Thomas Schäfer

Berlin’s North Korean ambassador is staying put

Kang Sok Ju, Thomas Schaefer
“And how are your missiles doing today, old chap?” A question Ambassador Thomas Schäfer (left) probably didn’t ask North Korean official Kang Sok Ju. Source: Picture Alliance.

Germany is restricting its diplomatic relations with North Korea over increasing concerns about Pyongyang’s missile program, Foreign Minister Sigmar Gabriel said following Pyongyang’s test firing of a new missile earlier this week. After meeting with US Secretary of State Rex Tillerson in Washington, Mr. Gabriel agreed to withdraw a third diplomat from the German embassy in North Korea. Germany asked North Korea to reciprocate.

But although the US on Wednesday urged other countries to cut ties with the country as part of an effort to pressure Pyongyang to give up its weapons programs, Berlin has declined to close its depleted embassy. It may actually be doing Washington a favor.

Germany is one of the few US allies that have an embassy in Pyongyang, along with the UK and Poland. Thomas Schäfer, the German ambassador to North Korea, has long been a valued partner in Washington. On his frequent stopovers in the US, the seasoned diplomat happily shares his assessments with US State Department experts. Since Washington does not have any diplomatic ties with Pyongyang, it relies on information from others to shed some light on the rogue nation.

“It’s a good thing that Europe and therefore the West have an anchor in Pyongyang with the German embassy.”

Jürgen Hardt, CDU lawmaker in the Bundestag

Among the few Western diplomats in Pyongyang, Mr. Schäfer is one of the most experienced. After completing stints in Beijing and Hong Kong, he was Germany’s ambassador to North Korea from 2007 to 2010 and voluntarily returned there in 2013, reportedly because he is so personally fascinated by the country.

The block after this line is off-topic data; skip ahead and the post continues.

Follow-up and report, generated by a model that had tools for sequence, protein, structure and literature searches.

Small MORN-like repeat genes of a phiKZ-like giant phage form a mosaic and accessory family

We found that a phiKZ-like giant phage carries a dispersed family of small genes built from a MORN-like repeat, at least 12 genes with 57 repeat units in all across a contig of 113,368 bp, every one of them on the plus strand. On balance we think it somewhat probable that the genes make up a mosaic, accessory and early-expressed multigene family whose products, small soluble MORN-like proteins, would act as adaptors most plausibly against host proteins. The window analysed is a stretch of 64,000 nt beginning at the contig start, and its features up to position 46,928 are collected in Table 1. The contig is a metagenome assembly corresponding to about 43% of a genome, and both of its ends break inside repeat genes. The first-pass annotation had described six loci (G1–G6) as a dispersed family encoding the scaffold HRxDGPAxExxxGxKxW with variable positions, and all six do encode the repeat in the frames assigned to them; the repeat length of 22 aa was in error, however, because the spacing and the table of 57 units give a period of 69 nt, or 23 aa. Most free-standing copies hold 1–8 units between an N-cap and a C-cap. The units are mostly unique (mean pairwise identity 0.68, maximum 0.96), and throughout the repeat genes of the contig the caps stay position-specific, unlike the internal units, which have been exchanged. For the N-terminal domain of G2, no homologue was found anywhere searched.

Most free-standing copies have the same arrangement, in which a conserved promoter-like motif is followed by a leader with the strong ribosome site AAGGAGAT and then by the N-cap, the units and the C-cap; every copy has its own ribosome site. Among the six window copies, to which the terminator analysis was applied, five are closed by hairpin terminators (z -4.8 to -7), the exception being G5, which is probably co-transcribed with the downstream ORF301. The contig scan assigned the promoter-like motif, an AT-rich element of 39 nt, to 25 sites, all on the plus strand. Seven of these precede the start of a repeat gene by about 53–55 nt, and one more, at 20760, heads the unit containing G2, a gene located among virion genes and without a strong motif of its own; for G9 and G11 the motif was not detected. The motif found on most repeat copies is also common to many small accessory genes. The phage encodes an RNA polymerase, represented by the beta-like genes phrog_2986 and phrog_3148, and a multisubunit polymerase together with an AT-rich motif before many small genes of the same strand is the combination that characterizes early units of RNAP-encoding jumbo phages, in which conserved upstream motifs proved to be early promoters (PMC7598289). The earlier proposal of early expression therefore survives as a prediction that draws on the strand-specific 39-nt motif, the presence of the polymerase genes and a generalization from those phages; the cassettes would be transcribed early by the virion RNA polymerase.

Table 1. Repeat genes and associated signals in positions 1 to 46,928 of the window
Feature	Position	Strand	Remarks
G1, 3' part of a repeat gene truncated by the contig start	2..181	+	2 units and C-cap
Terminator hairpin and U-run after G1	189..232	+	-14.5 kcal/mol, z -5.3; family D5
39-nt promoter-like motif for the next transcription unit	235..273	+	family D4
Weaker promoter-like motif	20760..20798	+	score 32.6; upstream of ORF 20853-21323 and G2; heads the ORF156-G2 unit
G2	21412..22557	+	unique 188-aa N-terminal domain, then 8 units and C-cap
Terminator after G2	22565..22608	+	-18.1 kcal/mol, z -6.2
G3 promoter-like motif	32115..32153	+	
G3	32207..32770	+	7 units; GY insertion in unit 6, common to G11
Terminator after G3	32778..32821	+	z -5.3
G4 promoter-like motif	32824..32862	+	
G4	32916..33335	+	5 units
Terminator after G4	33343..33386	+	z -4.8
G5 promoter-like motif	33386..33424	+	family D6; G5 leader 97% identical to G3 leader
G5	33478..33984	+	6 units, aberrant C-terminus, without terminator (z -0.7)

East Germany enjoyed diplomatic relations with North Korea from 1949 to 1990, since both countries belonged to the Socialist bloc. Reunified Germany established diplomatic ties with the country in 2001 – at the height of a long-gone détente on the Korean peninsula – and has used the former GDR embassy ever since. The large, gray, fenced-off building houses the embassies of seven other countries as well, including the British and the Swedish embassy.

“It’s a good thing that Europe, and therefore the West, have an anchor in Pyongyang with the German embassy,” said Jürgen Hardt, the Transatlantic Coordinator of the German government. The lawmaker from Chancellor Angela Merkel’s conservative party said Europeans should not rely solely on the Chinese or the Russian embassies in Pyongyang. Mr. Hardt emphatically rejected any suggestion of recalling the German ambassador, arguing that there could only be a diplomatic solution to the North Korean crisis.

Foreign Minister Gabriel was less adamant. Though he said it was not Germany’s desire to shut down its embassy, he also said, “that doesn’t mean we are ruling it out.” The SPD politician said Berlin would discuss North Korean options with fellow European countries to determine “whether it’s necessary to further increase the diplomatic pressure.”

Despite embassy remaining open, Mr. Gabriel will have to find a replacement for its ambassador soon: At 65, Mr. Schäfer is due to retire next year.

Jean-Michel Hauteville is an editor with Handelsblatt Global in Berlin. Handelsblatt correspondents Sha Hua, Annett Meiritz, Moritz Koch and Martin Kölling contributed to this article. To reach the author:

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